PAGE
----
Built circa 1911, this yellow pressed brick, single story bungalow is noteworthy for its eclectic combination of styles. The design of this home is unique since few houses in Utah combine elements of the Dutch Colonial Revival such as the gambrel roof, with Arts and Crafts details like the exposed cross braces of the porch columns. At the time this home was built, the bungalow was America’s most popular house type, with wide overhanging eaves, projecting bays on the main floor, broad front porches and dormers in the slope of the roof, often facing the street. This particular home demonstrates all of those features.
The original owners of this home were Lawrence L. and Mary Elizabeth Jones Bean. Lawrence Bean was among the first generation of Provo residents to be born in the city, his parents and grandparents having been prominent among the pioneers who settled Provo in 1849. The first major irrigation ditch in Provo was called the “Bean Ditch” after this family whose members helped to dig it.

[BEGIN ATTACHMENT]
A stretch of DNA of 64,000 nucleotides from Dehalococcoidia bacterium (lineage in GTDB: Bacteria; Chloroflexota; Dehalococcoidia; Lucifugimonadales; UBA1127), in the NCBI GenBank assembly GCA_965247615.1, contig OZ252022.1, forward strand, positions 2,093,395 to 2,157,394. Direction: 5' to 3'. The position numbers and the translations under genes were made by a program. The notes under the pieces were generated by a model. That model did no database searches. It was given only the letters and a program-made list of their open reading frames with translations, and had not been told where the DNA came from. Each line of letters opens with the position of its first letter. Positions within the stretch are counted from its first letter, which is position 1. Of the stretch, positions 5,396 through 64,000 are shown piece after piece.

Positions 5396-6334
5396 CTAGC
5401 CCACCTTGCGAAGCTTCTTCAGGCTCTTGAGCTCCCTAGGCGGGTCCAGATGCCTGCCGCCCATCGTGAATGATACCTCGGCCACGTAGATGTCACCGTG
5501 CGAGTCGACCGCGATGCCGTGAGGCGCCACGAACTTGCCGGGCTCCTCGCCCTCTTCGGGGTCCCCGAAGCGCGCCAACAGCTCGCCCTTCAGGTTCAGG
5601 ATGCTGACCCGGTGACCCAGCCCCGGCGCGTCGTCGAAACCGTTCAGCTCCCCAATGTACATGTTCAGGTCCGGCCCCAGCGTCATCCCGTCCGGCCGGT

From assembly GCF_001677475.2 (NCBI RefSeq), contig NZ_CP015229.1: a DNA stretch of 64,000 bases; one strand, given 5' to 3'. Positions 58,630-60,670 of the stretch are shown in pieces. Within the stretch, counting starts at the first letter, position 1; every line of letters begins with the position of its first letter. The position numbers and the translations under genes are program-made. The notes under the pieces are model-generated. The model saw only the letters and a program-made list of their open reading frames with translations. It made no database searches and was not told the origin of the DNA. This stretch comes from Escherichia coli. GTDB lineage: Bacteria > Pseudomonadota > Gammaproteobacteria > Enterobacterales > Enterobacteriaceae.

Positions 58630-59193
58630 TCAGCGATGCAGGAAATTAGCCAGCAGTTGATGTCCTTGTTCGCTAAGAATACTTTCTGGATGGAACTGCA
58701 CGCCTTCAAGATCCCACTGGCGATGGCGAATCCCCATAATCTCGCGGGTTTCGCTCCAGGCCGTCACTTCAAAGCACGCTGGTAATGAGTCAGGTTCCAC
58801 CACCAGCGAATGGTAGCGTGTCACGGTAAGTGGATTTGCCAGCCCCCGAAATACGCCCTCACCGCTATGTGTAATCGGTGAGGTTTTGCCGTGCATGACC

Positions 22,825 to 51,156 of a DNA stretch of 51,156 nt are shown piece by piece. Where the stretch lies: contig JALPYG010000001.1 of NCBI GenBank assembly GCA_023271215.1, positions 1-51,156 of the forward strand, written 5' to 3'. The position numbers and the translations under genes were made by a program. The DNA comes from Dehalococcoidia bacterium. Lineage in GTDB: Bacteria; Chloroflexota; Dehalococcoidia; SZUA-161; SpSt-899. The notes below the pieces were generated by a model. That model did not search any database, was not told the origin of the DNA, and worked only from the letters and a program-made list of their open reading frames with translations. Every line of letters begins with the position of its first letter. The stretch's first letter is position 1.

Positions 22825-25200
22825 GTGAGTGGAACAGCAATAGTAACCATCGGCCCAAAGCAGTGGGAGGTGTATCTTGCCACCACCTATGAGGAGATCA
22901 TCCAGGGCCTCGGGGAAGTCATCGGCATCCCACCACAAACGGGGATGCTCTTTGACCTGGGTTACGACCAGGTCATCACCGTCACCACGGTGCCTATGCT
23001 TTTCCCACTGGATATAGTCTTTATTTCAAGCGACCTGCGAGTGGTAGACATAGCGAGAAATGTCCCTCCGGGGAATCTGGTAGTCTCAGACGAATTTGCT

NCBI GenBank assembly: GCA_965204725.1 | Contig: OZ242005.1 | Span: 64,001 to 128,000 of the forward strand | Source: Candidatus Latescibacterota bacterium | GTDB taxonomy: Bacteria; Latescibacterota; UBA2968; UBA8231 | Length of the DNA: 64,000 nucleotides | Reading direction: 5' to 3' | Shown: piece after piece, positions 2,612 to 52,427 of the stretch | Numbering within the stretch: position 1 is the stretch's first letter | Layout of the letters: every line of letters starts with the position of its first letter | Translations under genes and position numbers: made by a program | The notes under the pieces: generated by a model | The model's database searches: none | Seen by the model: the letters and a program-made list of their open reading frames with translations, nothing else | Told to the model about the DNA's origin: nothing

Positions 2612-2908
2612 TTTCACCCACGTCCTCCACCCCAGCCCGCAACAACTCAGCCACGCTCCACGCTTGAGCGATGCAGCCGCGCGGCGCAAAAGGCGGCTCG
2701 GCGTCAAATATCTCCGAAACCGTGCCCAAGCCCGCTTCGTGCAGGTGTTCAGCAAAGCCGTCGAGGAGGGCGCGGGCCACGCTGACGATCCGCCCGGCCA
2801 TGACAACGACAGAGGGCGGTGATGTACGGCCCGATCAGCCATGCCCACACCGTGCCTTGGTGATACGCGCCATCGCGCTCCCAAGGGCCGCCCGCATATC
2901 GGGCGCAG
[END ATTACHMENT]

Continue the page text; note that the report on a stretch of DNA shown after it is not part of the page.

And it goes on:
Provo’s Two Oldest Existing Homes Are Neighbors in Pioneer Village.
Two pioneer neighbors, John W. Turner’s log cabin and James W. Loveless’ adobe home, stand near each other in Provo’s Pioneer Village in North Park, which was once the site of Provo’s second fort, Fort Provo.
The two homes offer a fine example of an architectural change that was taking place in Provo in the early 1850s. Builders were switching from using logs as a building materiel to using sun dried brick called adobe.
John W. turner helped settle Provo in 1849. In 1853, men hauled logs to the settlement from the Wasatch Mountain, and Turner built a small log cabin for his young bride. It stood on what is now the southeast corner of the intersection of 100 West and 100 North. The couple’s first child was born in this cabin, but the family soon moved. At least two other inhabitants lived in the structure after the Turners left.